This Valentine’s Day, the International Uranium Film Festival attracted many concerned New Yorkers to 6 days of eye-opening films about the devastating impact of the nuclear fuel cycle. At the Pavilion Theater in Brooklyn, Peace Boat US has been supporting this epoch-making event since its opening on February 14th.
During the festival, various speakers and filmmakers spoke to the audience, including:
Norbert G. Suchanek: Journalist, writer, filmmaker, director of the Uranium Film Festival & Yellow Archives
Marcia Gomes de Oliveira: Executive Director of the Uranium Film Festival, Social Scientist, Documentary Filmmaker& Artivist
Shri Prakash: Filmmaker & Activist from India
Pradeep Indulkar: Filmmaker & Activist from India
Each film, unique in style, perspective and motivation, focused on a different area affected by the nuclear fuel production cycle. The films confront viewers with the realization that we all share the same threat to humanity, the biosphere and the atmosphere. The documentaries impart a sense of responsibility for the negative heritage we are imparting to future generations. We are all equally subject to the ramifications of nuclear runoff.
At the entrance of the theater lies an information desk where audience and visitors of other movies can ask questions, obtain general information on local and global nuclear issues, and buy original T-shirts and stickers. Please take advantage of this setting and learn some more.
Here is a report of our volunteer staff Rachel Clark who went there this Sunday and Monday:
Living in Metropolitan New York area, we often only see the threat of nuclear power plants to local residents, whose stances are from the viewpoint of both energy consumers and (potential) victims. At the Pavilion Theater, however, many audience members were shocked by the chaotic situation at the uranium production sites. Scenes depicting uranium mining workers in India and Africa working without any protective gear, bulldozers generating radioactive dusts and mounds of radioactive dirt in order to obtain just a handful of yellow cake—the extracted pure form of uranium— and radioactive toxic waste being dumped into rivers, ponds, and open air left a lasting impact.
FOR THE SUPREME FIGHT (GERE DAN), a film directed by Shriprakash, explores the “clean and healthy” image of energy life in France, where nearly 80 percent of the country’s electricity comes from nuclear energy. The film reveals that France still exploits its former African colonies. Government owned nuclear company ARIVA’s business operation is investigated from the perspective of both a French expat’s family and local employees/residents. With minimal warning and disclosure about the nuclear threat to its workers and local residents, ARIVA’s uranium mining sites and surrounding villages are infested with environmental destruction, diseases, miscarriages, infertility, and birth defects. An investigative journalist visits abandoned mines, local villages, and scrap markets selling radioactive equipment used in old mines. The nuclear runoff has infected rivers and ponds where local people quench their thirst, wash their clothes, and bathe themselves and their babies. Each time the journalist in the film takes out his Geiger counter, it reveals shocking results. In developed countries such as France, people are all supposed to be covered with protective gear from head to toe in the high radiation levels observed, however people in its former colonies depicted in the film are unprotected, abandoned, and often forgotten afterwards.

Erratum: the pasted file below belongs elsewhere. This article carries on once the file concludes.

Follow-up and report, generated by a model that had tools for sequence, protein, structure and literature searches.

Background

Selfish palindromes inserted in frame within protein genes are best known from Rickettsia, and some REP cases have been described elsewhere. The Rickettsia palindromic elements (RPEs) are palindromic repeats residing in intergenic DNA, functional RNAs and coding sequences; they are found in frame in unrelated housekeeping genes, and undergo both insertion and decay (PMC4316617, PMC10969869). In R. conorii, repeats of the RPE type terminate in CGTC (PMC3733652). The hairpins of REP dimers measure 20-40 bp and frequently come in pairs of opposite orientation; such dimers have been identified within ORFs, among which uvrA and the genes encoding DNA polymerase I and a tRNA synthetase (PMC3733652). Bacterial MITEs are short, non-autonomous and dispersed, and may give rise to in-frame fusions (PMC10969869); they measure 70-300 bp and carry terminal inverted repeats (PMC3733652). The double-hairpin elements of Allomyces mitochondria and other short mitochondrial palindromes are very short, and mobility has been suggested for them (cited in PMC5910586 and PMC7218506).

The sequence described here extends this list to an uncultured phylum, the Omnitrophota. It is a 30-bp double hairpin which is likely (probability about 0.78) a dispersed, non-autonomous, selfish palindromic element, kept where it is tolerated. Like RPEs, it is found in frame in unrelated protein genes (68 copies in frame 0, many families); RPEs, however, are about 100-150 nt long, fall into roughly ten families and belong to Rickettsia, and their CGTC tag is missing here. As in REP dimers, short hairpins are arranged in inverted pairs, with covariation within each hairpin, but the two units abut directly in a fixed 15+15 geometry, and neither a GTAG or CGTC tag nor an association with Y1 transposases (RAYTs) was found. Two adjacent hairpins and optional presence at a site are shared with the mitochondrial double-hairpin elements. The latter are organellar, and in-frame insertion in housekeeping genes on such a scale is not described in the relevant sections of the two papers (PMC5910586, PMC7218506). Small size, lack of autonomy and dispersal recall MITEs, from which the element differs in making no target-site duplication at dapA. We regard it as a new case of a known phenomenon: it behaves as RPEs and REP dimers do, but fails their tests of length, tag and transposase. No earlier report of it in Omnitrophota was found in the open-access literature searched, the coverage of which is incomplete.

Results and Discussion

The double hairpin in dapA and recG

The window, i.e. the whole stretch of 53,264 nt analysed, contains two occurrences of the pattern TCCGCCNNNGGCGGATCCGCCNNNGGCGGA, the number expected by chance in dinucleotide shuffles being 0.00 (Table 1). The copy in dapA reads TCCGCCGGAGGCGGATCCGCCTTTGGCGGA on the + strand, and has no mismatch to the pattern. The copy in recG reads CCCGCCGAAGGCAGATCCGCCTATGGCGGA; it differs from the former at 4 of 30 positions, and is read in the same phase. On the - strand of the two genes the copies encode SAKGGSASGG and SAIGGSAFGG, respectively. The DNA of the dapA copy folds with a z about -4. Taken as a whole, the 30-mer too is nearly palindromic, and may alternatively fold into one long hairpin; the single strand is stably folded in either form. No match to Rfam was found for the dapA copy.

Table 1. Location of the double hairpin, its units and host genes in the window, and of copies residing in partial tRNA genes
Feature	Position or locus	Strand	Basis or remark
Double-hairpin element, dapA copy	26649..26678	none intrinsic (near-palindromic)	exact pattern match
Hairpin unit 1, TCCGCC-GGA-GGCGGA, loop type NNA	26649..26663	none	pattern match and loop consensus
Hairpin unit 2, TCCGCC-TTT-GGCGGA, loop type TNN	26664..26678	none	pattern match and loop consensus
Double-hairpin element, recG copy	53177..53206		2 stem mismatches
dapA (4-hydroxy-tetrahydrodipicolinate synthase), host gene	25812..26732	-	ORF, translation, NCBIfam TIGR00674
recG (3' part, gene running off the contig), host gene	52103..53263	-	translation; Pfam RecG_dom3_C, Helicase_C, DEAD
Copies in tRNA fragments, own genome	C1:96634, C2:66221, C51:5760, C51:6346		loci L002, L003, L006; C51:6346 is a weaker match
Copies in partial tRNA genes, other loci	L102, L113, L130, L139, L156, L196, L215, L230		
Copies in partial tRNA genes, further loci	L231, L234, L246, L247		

In one clip of a film entitled HIGH POWER directed and produced by Pradeep Indulkar, residents in an Indian fishing village were persuaded to agree with the construction of a nuclear reactor in their area, with promises of prosperity to the local economy, job opportunity, construction of hospitals, and schools. Not only did the energy company not deliver on its promise, they also ignored their environmental responsibility. The fish disappeared from the polluted ocean, and just like the uranium mining villages in Africa, local residents suffered with many incidents of miscarriages, birth defects, infertility, cancers, skin diseases, on top of all the other social issues that are threatening their survival (Shrinking population, stagnant economy, no job security, lack of education, inadequate medical facilities, unsafe food supply and malnourished children who cannot support an aging population) How does society expect them to survive in this situation?
The atrocity in Fukushima, including the suffering of affected people, environmental destruction, and media control by nuclear companies with governmental collaboration, is not a unique incident only in a small Asian archipelago. This film festival teaches us that it is a globally ubiquitous story just like the globalized fast food industry. As long as we live in this contemporary civil society, there will always be energy produced, delivered, and consumed. Each one of us is a constituent of this nuclear cycle and we all are responsible for the negative heritage for our future generations.
When you come home from the theater and turn on the light, the same space suddenly looks different. Please try to feel this moment by visiting Pavilion Theater. The Uranium Film Festival is going strong until Wednesday, Feb 19th. Make sure that you do not miss this opportunity to learn about these important issues through film.
The list below shows the featured films that were shown throughout the festival :
This post was created by Rachel Clark, Peace Boat US Volunteer Staff.